Costing method: choosing the right one carefully

method of costing

To calculate the cost of a process, you add up all the direct expenses incurred in that specific production stage — including the materials used and wages of your operators. You then allocate a portion of the indirect costs based on how much the process uses the resources. So it will be necessary to ascertain the cost of each component. To ascertain the cost of the final product batch costing may be applied.

Then, you allocate a portion of the indirect costs based on how much resources are consumed for the assignment. For example, if a job took up 50% of the factory space for a day, you would allocate 50% of the day’s rent to that task. Job costing is for tracking the costs when every project is different, and the cost of each job varies.

Difference between job costing and process costing

Setting the right price for a product is vital for any manufacturer. Price your item too high, and you could drive potential customers straight to your competitors. But price the item too low, and your accountant may experience heart palpitations whenever they look at the balance sheet. Costing is the technique and process of ascertaining costs. Uniform costing was defined by the Institute of Cost and Management Accountants as “the use by several undertakings of the same costing principles and/or practices.” They are compared to actual costs when incurred to ascertain the variances or differences.

  • The final product can either be physical goods or services.
  • It is adopted in industries where the products pass through different processes or stages before completion.
  • This method is suitable for chemical works, sugar, paint manufacturers, oil refineries, bottling companies, breweries, rubber and tanning industries.
  • In this costing method, the costs of different sections of production are combined after ascertaining the cost of each and every part manufactured.

This method is used by firms engaged in ship building, construction of buildings, bridges, dams and roads. If you’re manufacturing different products, you need to calculate each product’s overhead cost per unit. This is because each product will have different production costs, so the overhead cost per unit won’t be the same. In all these industries there is natural or standard unit of cost, for example, tonne of coal in collieries, tonne of cement, one thousands of bricks, etc. The object of this method is to ascertain the cost per unit of output and the cost of each element of such cost. This method is suitable for industries where the manufacture is continuous and units are identical.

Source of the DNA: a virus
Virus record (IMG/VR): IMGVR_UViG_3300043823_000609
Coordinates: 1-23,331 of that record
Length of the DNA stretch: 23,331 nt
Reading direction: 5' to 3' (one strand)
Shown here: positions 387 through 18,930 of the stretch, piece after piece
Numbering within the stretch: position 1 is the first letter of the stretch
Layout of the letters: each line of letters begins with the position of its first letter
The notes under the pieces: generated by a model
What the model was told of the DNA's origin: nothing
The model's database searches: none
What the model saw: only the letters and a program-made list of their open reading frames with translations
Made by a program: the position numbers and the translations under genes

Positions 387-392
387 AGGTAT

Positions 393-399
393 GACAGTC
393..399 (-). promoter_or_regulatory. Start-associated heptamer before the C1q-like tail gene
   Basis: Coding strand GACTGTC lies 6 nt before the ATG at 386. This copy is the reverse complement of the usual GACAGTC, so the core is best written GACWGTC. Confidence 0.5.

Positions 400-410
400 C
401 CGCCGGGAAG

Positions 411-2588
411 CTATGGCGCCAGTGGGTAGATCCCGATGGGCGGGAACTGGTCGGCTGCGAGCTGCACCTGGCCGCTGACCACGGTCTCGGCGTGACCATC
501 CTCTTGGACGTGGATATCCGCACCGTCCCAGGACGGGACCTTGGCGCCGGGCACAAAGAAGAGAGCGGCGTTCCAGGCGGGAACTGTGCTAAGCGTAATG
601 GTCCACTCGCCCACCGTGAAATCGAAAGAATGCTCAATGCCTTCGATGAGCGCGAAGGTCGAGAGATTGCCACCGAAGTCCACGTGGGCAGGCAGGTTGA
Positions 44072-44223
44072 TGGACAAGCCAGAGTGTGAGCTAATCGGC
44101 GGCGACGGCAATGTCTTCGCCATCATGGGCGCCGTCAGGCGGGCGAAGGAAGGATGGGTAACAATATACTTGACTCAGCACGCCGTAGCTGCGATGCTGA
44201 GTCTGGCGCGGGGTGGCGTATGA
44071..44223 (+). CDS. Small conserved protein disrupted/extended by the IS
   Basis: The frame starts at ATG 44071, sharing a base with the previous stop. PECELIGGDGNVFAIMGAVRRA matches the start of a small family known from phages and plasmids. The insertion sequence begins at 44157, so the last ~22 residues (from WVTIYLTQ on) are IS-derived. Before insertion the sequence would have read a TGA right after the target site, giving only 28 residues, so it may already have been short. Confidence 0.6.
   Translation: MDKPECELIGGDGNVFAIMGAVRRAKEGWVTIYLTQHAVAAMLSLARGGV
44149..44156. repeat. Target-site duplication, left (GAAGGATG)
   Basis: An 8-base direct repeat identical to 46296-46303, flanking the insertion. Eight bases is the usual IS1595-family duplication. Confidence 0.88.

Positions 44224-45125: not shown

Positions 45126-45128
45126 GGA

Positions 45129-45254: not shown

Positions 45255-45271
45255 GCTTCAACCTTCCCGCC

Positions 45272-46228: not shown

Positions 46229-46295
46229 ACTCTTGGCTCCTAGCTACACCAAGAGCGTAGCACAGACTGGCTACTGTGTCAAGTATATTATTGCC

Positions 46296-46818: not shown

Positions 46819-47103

1.2 Operation Costing

Under this method cost per unit is ascertained by dividing the cost by number of units produced. It is applied where orders for identical products are placed in convenient lots or batches. I.C.M.A. defines it as “that form of specific order costing which applies where similar articles are produced in batches either for sale or for use within an undertaking.

method of costing

This method is good for a comparative study of the identical costs of different departments. The method of costing, which is used in service rendering undertakings is called operating costing. For example – transport, water supply, electric undertakings, telephone services, hospitals, nursing homes, etc. use this method of costing. A special feature of operating costing is that the unit of cost is generally a compound unit.

Costing methods and the importance of choosing the correct one

Now that you understand the costs involved and how to calculate these, let’s take a closer look at the costing methodologies to see the advantages and disadvantages of each method. In this article, we’ll focus on the accounting method used to determine the cost of a product. Under this system, costs are ascertained by recording expenditures and allocating these to production as and when they are incurred. Under this method costs are collected and accumulated for each job or work order or project separately. Each job can be identified separately and hence becomes essential to analyze the costs according to each job.

  • For example, if a job took up 50% of the factory space for a day, you would allocate 50% of the day’s rent to that task.
  • For example the unit of cost in electricity supply is kilowatt hour.
  • Job costing is adopted in concerns where the work done is analysed into different jobs, each job being considered as separate unit of cost.
  • Cost estimation and cost accounting system is referred to as the costing method.

Target costing is a method used to ensure that products are designed and priced to meet customer needs. The disadvantages of standard costing are that it can be inaccurate if circumstances change significantly from the time the business established the standards. It can also be challenging to update the standards on a timely basis. This type of costing is probably the most common method due to its simplicity. The predetermined costs are derived from the company’s historical experience and are updated periodically to reflect changing conditions.

Types/Techniques of Costing

This is because the information is obtained after the events have already taken place. As such, this procedure does not enable the manufacturer to take corrective action in time. Ascertaining and recording costs after they have been incurred is known as historical costing. It provides the management with a record of what has happened and, therefore, is a postmortem of the actual costs. Costing methods works with the assumption that production capacity is fully utilized. If this is not the case, then the results presented at the end of the year will be misleading.